Interestingly, this debut novel also comes with a debut translator in Michael Lundin. Born in Stockholm in 1967, Mr. Lundin was educated in England, Scotland and Sweden. He currently lives in Brighton. I know nothing more about him.
I have many questions that I hope Oh Sweden! Oh Israel! will answer – how is the Jewish community received in Sweden? How orthodox is the community? How does the community fit in with the rest of Swedish society? – but given that the novel is a slender 140 pages, I’m not sure all of my questions will be answered. Regardless, it’s going to be a delight peeking in on a religious community that I know little about. And given the suggestion that Oh Sweden! Oh Israel! is both humourous and endearing, this is one novel I’m really looking forward to journeying through. I’ll see you at the other end.
Portobello Books | 7th March 2013 | £12.99 | PAPERBACK | 140 PP | ISBN: 9781846274152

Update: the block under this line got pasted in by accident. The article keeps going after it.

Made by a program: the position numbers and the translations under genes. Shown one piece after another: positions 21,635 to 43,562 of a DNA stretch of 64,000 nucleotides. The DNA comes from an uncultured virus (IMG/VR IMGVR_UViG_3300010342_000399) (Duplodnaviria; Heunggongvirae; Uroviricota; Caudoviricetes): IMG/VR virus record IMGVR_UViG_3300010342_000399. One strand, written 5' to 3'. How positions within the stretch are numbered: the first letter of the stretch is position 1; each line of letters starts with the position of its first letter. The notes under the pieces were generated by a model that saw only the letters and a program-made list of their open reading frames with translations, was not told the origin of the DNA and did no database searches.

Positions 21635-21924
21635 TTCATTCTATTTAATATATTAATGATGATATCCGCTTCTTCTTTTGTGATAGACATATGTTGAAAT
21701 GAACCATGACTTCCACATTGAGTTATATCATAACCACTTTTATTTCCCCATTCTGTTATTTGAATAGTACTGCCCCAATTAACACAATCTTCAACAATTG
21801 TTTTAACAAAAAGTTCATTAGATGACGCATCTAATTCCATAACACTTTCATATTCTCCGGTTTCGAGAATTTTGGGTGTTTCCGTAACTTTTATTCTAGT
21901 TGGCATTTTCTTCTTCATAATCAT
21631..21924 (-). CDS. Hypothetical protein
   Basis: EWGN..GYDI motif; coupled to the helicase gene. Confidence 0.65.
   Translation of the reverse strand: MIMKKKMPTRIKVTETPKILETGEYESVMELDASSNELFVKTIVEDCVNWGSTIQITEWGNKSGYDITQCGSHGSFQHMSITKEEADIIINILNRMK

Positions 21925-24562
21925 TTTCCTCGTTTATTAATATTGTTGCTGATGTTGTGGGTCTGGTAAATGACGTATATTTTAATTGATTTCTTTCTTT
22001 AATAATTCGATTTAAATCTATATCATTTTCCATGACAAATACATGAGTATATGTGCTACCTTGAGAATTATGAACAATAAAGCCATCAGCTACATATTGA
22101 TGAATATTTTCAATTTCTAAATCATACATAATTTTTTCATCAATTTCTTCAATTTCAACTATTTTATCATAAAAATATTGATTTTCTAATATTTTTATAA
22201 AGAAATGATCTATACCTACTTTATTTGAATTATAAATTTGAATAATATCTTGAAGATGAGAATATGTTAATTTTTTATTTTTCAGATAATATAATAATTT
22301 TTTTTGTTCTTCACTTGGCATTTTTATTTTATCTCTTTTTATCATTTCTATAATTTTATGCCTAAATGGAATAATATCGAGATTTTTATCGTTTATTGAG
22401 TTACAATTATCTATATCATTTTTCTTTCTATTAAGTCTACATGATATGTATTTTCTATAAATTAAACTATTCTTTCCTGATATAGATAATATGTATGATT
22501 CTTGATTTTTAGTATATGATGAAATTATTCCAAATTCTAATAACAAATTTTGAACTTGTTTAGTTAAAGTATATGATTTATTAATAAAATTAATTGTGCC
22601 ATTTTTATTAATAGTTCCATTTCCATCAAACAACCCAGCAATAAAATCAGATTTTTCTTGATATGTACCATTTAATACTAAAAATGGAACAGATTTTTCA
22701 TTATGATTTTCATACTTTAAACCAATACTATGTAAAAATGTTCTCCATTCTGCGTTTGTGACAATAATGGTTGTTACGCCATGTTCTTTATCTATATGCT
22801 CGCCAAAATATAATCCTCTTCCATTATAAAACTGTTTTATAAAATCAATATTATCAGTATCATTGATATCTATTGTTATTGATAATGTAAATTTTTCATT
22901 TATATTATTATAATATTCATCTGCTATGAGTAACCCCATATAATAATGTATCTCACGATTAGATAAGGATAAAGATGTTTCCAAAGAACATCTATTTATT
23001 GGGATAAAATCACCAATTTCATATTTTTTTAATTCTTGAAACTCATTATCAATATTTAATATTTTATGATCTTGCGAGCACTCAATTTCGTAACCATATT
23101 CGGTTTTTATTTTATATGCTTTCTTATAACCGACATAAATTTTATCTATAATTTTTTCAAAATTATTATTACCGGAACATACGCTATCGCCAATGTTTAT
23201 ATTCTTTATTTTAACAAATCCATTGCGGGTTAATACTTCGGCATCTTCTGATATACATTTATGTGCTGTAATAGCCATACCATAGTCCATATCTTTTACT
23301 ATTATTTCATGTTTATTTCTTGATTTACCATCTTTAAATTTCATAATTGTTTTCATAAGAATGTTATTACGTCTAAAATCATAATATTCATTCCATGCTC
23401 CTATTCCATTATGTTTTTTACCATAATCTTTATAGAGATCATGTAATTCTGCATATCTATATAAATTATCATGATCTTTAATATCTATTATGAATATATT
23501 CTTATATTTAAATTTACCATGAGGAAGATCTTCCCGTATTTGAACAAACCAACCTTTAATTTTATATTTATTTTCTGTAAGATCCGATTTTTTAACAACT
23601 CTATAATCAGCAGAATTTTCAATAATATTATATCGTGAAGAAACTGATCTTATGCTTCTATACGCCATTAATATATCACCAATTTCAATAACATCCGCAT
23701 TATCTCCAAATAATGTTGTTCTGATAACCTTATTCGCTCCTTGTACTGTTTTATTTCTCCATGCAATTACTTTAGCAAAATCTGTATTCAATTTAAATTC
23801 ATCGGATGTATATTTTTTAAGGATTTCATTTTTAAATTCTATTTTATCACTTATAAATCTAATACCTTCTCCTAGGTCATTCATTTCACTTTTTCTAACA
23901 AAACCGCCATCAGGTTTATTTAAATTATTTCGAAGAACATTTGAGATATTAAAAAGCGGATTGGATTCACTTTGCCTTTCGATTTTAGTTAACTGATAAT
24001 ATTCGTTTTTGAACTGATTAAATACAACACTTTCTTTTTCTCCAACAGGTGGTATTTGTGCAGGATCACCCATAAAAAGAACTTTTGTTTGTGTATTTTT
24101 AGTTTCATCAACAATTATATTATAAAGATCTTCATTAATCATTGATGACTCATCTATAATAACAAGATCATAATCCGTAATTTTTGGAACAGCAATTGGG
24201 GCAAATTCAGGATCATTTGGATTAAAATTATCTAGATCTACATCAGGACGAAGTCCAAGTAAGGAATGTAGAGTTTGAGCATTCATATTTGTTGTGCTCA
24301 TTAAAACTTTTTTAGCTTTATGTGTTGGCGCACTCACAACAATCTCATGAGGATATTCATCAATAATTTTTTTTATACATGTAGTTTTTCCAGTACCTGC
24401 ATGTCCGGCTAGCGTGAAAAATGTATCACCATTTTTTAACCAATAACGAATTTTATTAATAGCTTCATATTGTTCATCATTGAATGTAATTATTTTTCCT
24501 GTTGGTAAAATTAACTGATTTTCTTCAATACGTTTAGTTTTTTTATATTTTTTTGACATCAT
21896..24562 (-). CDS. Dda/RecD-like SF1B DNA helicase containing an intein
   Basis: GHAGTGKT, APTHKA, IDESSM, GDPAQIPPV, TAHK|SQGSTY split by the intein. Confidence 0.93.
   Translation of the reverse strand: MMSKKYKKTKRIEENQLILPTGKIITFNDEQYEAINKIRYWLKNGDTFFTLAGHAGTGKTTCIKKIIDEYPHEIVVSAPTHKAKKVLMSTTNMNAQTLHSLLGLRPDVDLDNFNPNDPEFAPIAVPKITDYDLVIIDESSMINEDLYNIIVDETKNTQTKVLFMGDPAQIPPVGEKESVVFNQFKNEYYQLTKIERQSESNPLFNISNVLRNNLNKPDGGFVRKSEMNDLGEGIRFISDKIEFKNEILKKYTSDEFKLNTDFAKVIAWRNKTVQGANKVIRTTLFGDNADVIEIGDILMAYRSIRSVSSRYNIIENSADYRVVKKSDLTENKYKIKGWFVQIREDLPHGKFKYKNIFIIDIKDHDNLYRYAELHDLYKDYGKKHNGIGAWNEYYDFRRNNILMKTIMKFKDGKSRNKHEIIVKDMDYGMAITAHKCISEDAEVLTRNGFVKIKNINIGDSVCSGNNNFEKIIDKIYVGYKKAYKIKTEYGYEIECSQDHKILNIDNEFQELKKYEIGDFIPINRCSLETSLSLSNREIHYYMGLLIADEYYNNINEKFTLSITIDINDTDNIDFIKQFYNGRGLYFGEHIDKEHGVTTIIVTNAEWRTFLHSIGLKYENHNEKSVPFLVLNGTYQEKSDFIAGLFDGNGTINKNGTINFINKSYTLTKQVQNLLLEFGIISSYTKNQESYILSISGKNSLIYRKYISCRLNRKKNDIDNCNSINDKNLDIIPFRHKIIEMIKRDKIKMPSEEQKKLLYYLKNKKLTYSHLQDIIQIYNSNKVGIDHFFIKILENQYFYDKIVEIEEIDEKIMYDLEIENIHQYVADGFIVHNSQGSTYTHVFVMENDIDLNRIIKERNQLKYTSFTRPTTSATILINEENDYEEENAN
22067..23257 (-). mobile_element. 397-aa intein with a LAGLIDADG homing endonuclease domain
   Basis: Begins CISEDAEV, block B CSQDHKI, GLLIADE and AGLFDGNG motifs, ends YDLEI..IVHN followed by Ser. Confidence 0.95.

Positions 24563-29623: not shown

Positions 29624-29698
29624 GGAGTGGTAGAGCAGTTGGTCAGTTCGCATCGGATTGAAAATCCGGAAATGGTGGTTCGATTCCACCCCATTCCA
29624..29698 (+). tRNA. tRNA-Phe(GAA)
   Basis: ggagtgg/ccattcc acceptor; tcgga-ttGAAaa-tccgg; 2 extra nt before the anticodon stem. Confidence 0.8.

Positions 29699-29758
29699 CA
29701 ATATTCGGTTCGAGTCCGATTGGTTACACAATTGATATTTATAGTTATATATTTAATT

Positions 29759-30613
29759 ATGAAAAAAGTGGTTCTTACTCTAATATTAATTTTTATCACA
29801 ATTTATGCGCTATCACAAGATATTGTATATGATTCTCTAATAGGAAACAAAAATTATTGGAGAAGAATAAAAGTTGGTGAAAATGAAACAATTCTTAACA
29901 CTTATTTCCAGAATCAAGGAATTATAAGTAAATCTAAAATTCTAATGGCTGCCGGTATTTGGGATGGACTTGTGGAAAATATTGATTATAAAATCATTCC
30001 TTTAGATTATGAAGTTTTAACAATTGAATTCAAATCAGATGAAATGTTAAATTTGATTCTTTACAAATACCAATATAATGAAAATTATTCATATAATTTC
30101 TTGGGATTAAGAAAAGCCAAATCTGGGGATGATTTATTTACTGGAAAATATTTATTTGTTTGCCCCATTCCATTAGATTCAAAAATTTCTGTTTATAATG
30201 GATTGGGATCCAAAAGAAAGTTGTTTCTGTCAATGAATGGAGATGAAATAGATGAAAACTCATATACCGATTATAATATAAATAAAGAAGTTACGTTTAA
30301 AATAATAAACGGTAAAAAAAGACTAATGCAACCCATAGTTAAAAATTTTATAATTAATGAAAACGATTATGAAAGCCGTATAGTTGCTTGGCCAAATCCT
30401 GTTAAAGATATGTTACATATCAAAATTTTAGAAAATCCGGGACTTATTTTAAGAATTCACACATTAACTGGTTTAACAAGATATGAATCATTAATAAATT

*NOTE: In promotion of this book, author Stephan Mendel-Enk will be appearing in an event in London for Jewish Book Week, on Sunday 3rd March. For further details please visit the event page on the Jewish Book Week website.
A note about forethoughts
‘Forethoughts’ offer an insight into what my initial thoughts and impressions of a book are before I begin reading it. Informal, and largely written as a stream-of-consciousness exercise in a single sitting, my ‘forethoughts’ capture an important stage of the reading experience for me – the anticipatory period before the book is first opened, when my excitement is piqued for the reading experience which lies ahead.
Blissfully ignorant my ‘forethoughts’ may well be, but when combined with my eventual ‘afterthoughts’ the result is a unique and comprehensive record of a very personal literary ‘journey’ through a particular book; a literary journey which will hopefully be of some value to other readers.